Testosterone Spray Boosts Women's Sex Drive

In intermediary dose

Female body contains the male sex hormone, the testosterone (like the man's body, too, contains estrogen, the female sex hormone). Testosterone is naturally produced in women by the adrenal glands and has the role of boosting sex drive.

Based on this principle, researchers have imagined a testosterone spray for increasing libido in women with low sex drive. A new research carried out by a team led by Dr Susan Davis, from Monash University in Victoria, Australia, and published in the Annals of Internal Medicine, shows that premenopausal women who have low testosterone levels and the accompanying low sexual interest could significantly improve their sex life using the testosterone spray.

The results were, on average, one satisfactory sexual encounter per month and the best effect was inflicted by the women using an intermediate dose. The researchers also detected a 'substantial placebo effect'.

The study was made on 261 women randomly assigned into four groups: three groups received various doses of testosterone spray, and one group a placebo. The subjects employed the spray daily. The trial lasted 16 weeks.

The final results revealed that all the treatment groups experienced an improvement in the number of satisfactory sexual encounters. But compared with the placebo group, only the group that used an intermediary testosterone dose (90 microliters) reported a statistically significant rise in the number of satisfactory sexual contacts in the last month of the trial period.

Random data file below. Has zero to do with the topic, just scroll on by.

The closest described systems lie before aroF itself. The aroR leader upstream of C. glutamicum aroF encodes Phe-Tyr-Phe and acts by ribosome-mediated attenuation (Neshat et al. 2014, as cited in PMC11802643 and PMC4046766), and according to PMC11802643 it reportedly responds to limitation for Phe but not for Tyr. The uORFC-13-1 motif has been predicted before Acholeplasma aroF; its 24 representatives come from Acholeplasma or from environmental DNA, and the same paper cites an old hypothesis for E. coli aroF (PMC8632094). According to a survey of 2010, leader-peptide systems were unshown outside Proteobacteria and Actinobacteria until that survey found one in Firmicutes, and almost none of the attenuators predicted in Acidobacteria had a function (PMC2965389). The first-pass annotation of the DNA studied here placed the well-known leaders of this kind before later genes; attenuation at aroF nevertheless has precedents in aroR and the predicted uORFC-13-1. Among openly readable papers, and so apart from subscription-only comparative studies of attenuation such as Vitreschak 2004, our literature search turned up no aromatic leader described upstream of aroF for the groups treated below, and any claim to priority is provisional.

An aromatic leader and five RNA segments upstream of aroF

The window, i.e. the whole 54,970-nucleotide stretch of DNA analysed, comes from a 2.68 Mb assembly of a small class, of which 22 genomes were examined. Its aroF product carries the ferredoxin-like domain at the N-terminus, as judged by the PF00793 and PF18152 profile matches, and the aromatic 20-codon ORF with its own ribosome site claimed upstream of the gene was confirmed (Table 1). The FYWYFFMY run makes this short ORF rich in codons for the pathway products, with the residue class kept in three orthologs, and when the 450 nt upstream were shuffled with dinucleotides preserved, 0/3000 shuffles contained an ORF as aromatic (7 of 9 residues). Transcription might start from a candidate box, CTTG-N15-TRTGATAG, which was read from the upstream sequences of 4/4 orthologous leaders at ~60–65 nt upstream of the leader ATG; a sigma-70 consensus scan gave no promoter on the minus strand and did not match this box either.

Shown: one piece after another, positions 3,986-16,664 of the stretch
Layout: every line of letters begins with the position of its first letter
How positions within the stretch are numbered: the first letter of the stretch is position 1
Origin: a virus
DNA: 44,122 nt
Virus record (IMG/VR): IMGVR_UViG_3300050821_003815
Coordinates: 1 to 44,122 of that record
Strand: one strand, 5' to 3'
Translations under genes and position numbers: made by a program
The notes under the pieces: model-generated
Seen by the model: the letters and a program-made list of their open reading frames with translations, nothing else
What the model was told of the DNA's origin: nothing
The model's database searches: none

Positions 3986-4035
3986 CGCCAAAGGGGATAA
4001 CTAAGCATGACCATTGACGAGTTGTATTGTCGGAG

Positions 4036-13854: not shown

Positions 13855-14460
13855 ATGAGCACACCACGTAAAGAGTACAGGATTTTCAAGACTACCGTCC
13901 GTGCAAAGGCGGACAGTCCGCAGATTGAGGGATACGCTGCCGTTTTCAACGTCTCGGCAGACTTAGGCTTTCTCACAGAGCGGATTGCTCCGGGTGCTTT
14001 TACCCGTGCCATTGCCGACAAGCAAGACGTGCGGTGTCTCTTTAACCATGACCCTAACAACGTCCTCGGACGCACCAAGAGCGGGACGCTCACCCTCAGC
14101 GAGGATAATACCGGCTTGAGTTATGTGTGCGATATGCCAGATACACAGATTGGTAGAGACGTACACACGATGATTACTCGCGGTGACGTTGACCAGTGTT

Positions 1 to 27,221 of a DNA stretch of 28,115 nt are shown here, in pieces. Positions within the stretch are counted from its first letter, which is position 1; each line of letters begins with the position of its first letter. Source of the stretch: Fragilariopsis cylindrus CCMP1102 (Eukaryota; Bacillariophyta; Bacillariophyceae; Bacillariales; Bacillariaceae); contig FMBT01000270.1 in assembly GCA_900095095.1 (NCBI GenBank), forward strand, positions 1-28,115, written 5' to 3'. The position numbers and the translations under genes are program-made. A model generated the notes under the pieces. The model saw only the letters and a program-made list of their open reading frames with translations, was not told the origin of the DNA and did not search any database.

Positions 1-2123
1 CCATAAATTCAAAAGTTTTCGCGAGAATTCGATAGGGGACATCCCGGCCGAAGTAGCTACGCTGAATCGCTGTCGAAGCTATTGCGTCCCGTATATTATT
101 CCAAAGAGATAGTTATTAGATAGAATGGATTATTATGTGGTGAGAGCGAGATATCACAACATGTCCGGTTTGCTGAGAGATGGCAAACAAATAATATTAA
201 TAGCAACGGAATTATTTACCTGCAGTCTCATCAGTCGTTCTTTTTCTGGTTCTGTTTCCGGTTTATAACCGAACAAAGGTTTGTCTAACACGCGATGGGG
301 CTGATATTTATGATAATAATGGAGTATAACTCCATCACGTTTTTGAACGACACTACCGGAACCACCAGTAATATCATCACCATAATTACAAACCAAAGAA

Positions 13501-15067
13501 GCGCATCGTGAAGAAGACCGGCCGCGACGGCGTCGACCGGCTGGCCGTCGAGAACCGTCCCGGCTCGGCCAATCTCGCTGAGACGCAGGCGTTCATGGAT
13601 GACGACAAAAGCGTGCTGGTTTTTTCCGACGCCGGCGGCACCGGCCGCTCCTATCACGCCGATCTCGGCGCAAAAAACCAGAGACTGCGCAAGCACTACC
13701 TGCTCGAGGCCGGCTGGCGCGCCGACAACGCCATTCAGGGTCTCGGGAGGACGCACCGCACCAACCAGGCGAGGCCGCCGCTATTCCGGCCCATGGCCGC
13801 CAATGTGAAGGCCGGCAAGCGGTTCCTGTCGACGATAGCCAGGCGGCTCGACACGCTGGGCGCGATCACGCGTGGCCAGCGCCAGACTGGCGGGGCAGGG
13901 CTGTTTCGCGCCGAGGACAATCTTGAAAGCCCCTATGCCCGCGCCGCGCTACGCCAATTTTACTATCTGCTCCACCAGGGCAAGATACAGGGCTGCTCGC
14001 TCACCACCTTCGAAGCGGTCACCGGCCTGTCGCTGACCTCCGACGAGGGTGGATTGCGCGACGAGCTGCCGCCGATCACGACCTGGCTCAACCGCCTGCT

At the end of the trial, 95% of these women still maintained testosterone levels comprised within the normal values for females.

The most common side effect of the testosterone spray use was excessive hair growth, but only on the application area. Other clinical values were not significantly changed.

Still, more research is required and the testosterone use in women should be made with caution.

"I advise primary physicians to assess women's sexual concerns in detail, and then address mental health and relationship issues and any sexual dysfunction in the partner. Then, if necessary, schedule further follow-up to treat the issues by conventional therapy, such as cognitive behavioral therapy, sex therapy, psychotherapy, and mindfulness techniques," warns Dr Rosemary Basson, from the University of British Columbia in Vancouver, Canada, in a related editorial.

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